So, for clarity’s sake, let me just rephrase these four reasons that were just given in this document for the setback that the Chinese revolution had just suffered. Basically, what the Central Committee of the Communist Party said was that:
1) The party had lacked the ability to exercise leadership;
2) It had failed to build up its own independent armed forces;
3) Then, it compounded its lack of ability and failure to build its own independent army by making a bunch of political mistakes, which, as we know from previous episodes, boiled down to having reacted to the repression of the peasants by the conservative generals in the Guomindang’s army by prioritizing trying to maintain an alliance with the Guomindang instead of trying to rally and build up the movements of workers and peasants.
And, 4) the final reason for the setback faced by the revolution was that the Guomindang had decisively turned to become political representatives of the landlord class, as demonstrated by their repression of the peasantry.
And what followed from this summation of why the revolution had suffered a setback was that the strategy of uniting with the Guomindang to forge a national-democratic state which might carry out a revolution from above, should instead be replaced by a revolution from below in which the Communists would encourage a peasant revolution, build up their own independent armed forces, and in which the Guomindang would be regarded as the enemy, not as an ally. Of course, this sort of thing is easier said than done. How to make this sort of transition concretely, while constantly being targeted by the enemy for extermination, was the immediate problem faced by the Communist Party.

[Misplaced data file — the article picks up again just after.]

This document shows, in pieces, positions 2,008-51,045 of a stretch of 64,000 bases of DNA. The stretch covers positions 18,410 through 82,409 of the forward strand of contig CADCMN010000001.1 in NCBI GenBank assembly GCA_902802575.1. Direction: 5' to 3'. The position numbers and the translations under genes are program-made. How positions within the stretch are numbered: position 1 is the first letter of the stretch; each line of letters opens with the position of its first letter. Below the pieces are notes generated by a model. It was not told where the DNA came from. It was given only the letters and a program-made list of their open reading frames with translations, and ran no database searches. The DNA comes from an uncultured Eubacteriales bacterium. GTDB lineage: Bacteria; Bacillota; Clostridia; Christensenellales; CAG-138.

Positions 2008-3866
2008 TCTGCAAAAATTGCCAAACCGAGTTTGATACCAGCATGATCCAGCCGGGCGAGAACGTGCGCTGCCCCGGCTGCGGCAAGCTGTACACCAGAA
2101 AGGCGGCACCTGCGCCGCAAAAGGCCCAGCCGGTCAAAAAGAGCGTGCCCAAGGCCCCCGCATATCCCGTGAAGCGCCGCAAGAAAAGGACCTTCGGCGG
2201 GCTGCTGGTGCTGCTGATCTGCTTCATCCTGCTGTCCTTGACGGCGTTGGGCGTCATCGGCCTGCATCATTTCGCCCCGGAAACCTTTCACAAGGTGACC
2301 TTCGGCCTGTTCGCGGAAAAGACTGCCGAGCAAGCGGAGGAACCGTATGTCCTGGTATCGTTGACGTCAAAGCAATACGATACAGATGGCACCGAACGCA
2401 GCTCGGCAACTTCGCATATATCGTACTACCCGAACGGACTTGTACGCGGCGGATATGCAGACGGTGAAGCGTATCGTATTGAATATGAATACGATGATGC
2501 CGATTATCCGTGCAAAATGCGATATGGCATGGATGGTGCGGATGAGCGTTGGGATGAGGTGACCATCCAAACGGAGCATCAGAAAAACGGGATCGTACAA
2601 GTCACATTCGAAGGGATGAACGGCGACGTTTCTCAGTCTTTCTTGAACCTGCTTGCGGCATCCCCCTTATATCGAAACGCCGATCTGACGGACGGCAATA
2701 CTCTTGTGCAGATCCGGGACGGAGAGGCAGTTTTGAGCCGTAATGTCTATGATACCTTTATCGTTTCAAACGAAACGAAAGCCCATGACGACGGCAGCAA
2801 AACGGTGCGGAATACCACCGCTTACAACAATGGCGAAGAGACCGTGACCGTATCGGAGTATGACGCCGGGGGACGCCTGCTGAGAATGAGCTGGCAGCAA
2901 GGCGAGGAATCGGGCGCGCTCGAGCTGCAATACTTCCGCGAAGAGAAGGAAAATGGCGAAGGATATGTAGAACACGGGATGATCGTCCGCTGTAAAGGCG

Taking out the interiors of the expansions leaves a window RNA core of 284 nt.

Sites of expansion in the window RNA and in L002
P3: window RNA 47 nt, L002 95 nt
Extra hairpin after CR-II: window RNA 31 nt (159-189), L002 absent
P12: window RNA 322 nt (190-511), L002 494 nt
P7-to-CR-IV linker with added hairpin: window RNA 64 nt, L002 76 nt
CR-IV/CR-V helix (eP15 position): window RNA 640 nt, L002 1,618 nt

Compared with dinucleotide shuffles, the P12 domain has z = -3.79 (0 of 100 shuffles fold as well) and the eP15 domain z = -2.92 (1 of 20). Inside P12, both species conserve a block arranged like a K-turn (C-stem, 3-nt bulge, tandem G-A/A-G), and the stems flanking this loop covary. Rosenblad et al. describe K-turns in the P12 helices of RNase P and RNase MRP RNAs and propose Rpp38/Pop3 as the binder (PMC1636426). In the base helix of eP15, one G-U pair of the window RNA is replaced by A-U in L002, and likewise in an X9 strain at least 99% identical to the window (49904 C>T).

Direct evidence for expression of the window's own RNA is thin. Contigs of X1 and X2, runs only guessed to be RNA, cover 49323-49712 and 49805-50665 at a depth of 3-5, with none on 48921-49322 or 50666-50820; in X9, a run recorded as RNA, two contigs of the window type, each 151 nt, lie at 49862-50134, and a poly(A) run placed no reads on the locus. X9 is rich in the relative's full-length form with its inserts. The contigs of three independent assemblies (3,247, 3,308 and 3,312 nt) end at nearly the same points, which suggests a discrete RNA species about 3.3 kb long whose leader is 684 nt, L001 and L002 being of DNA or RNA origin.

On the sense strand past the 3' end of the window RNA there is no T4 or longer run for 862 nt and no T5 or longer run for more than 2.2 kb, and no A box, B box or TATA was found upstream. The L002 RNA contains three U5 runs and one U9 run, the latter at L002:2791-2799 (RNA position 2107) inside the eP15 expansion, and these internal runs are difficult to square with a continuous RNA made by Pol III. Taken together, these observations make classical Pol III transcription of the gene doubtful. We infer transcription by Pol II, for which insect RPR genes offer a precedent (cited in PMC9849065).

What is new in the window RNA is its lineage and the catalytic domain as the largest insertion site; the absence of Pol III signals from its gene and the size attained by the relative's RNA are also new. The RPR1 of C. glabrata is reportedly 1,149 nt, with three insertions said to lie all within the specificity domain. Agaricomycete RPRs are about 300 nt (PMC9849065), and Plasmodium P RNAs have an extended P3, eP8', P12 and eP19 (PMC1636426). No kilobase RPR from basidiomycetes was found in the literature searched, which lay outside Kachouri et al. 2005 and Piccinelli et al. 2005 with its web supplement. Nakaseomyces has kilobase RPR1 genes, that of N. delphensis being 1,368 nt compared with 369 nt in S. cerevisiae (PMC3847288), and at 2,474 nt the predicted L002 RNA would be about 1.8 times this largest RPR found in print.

The Nanchang Uprising
The first step toward organized Communist revolt was as much a result of improvisation in the face of the rapidly accelerating crisis, as it was the result of any sort of really developed plan. As I mentioned at the end of our last episode, as the repression mounted in Wuhan in the second half of July, many Communists went underground, and some gravitated toward what was perceived as a stronghold, which was the army led by Zhang Fakui in northern Jiangxi Province, around the cities of Nanchang and Jiujiang. Zhang Fakui’s forces contained a lot of Communist officers, and had the added bonus of having been stationed to hold the line against a potential push by Chiang Kai-shek’s forces west into Jiangxi. Zhang himself had a reputation as a leftist, so there was some hope that Zhang might be won over to protect the Communists.